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Showing posts from March, 2013

Move-In Day!

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With the indispensable help of family and friends, the 14 inch is now installed at Walnut Ridge.  It was a close thing.  We arrived at the site to find that the proprietors of the land had changed the padlocks on the gates, so we could not get in.  However, the group were undeterred and at great personal sacrifice, lugged the scope (in its box) and the mount plus ultrawedge several hundred yards over an open field and uphill to the observatory.  So--Scott (my son), David (my partner in crime), Ken (a friend of David's and all-around good guy), and Declan (David's son)--thank you all for service above and beyond the call of duty!

We also took the time while we were there to do some solar observations.  The weather was a little hazy, but the sun was definitely worth a look.
Next steps--alignment and setup!

Closeup Sun

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A filament and bight area near the center of the solar disk today.  The area does not have designation as it is not associated with any spots.  I used a 400 frame capture and stacked the best 20% of frames in Registax 6.  Processed with wavelets and finished in Photoshop. Captured with PST-DS, 2x Barlow and LifeCam.


The Sun on March 21, 2013

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We finally had some clear weather and I was able to take some solar images.  The sun is rather quiet, but there are still some things worth looking at (active areas, filaments, etc.).  I've noticed that my imager, a LifeCam, sometimes produces "mosquito noise" on images.  I'm not sure why this happens.  Eliminating it in Photoshop is relatively easy, but the process also degrades the image.  I may try experimenting with exposure times and contrast settings to see if that helps. Images were taken with the PST-SolarMaxII without a barlow.





Another shot at processing the Great Nebula

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The issue is that I am working with a stack of only 3 images for a total of around 150 seconds of exposure--a very small amount of data.  I did some more reprocessing of the image I posted earlier, reducing noise and manipulating levels.  This is the new result.  I think the center of the nebula is improved tremendously.  The rather grainy nature of the outer area is caused by insufficient data due to the relatively short exposure time,


Solar Image Reprocessing Workflow

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One of the great things about being a part of an online community of people with similar interests is that you learn a lot from people who are more expert than you are yourself.  A case in point is the two images below. The first was posted last week, the second, color image of the same, is reprocessed with my workflow, but with the addition of a step called "image squaring."  The process was described by the co-author of the excellent tool I used, StarMax, Sylvain Weiller. As you can see from the images below, it is a powerful technique to bring out fine details and enhance contrast even in a simple 640x480 capture like this one.  Thank you, Sylvain!  Your PST images are an inspiration!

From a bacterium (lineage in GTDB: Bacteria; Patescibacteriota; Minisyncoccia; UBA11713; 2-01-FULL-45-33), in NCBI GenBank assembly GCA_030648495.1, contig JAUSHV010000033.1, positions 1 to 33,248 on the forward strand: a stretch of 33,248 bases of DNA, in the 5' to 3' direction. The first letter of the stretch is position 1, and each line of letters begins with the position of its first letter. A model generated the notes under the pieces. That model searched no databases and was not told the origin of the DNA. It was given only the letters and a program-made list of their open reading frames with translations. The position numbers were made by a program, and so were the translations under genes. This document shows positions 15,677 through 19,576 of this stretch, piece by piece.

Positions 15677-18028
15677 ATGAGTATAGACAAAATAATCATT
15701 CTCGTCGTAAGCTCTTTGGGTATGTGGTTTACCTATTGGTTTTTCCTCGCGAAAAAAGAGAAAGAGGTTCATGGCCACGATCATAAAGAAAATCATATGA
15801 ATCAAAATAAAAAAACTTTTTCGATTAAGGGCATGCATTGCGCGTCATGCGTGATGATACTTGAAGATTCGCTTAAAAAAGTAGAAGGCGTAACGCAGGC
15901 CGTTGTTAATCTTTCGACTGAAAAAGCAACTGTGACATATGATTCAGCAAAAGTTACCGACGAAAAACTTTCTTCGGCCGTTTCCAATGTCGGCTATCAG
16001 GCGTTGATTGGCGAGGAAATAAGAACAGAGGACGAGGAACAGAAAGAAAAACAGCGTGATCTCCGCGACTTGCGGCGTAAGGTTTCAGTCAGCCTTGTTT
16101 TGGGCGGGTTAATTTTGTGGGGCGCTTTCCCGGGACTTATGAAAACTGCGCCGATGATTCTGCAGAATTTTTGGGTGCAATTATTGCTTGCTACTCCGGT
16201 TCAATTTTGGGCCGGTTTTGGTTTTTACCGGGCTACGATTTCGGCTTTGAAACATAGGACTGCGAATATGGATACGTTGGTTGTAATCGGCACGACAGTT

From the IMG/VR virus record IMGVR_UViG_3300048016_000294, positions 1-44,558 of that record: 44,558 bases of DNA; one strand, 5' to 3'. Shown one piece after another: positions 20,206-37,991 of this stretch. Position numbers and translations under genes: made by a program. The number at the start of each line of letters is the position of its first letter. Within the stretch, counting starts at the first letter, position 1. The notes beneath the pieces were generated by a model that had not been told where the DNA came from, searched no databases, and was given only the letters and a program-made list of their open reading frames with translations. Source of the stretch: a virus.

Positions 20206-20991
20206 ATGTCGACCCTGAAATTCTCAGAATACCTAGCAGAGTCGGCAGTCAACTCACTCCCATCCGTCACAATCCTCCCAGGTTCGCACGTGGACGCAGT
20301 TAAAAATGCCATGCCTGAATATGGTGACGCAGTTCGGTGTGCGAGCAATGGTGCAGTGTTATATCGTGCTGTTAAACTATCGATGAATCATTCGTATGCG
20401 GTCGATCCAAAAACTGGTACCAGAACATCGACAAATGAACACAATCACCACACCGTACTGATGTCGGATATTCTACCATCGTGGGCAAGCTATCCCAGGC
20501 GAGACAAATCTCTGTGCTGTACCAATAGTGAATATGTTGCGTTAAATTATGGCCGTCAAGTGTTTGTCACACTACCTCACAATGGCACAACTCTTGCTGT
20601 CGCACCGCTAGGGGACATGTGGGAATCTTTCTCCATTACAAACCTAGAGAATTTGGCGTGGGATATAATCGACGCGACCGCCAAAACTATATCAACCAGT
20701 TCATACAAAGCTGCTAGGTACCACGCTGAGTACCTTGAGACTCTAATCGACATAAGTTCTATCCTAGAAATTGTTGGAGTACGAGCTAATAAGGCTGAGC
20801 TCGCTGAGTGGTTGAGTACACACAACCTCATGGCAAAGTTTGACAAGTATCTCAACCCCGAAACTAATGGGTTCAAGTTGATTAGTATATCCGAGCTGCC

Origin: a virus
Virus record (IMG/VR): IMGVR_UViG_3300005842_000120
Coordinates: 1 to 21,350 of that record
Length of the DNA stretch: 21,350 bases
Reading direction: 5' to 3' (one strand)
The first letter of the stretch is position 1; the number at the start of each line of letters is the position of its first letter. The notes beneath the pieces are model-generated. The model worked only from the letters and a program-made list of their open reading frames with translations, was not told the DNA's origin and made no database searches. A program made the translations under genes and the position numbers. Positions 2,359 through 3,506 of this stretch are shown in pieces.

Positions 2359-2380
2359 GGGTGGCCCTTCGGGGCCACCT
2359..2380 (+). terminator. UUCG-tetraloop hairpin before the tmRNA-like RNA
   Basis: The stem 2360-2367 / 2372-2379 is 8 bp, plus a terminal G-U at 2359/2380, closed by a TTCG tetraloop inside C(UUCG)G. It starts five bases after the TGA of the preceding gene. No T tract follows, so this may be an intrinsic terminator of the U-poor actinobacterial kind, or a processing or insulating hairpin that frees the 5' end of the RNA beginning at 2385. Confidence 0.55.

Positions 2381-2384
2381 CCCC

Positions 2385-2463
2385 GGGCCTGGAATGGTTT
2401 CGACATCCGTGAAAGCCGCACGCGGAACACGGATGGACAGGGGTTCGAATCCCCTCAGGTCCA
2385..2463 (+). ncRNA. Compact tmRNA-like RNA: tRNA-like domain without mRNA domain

The Sun, 03-13-2013

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Here are two images of the sun taken this afternoon.  Each was a 1000 frame capture with the best 20% of frames stacked and processed in Registax 6.  Because I am on vacation, my normal processing workflow could not be followed, so these images are just the output of Registax. The lack of processing tools was more than offset by the rustling of palm trees in the breeze and the sounds of the surf as I captured these images. Equipment was PST-DS and LifeCam.








The Solar and Deep Sky/Planetary Observatories

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...at the Isle of Palms, South Carolina :-)




Orion Nebula 3-12-2013

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This is a roughly processed image of the Great Nebula in Orion taken with my ETX 125 from the Isle of Palms.  I used a Nikon D40 with no darks or flats.  The image is a stack of 3 exposures for a total of 1 minute and 30 seconds.

Jupiter from the Isle of Palms, 03-12-2013

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I'm taking a break off the coast of South Carolina on the Isle of Palms.  This pic of Jupiter is a quick stack and process taken this evening off my balcony with my ETX 125 and trusty LifeCam.  I don't have access to my usual processing tools, and the atmosphere was rather unsteady, but the pic shows the planet and three Galilean moons.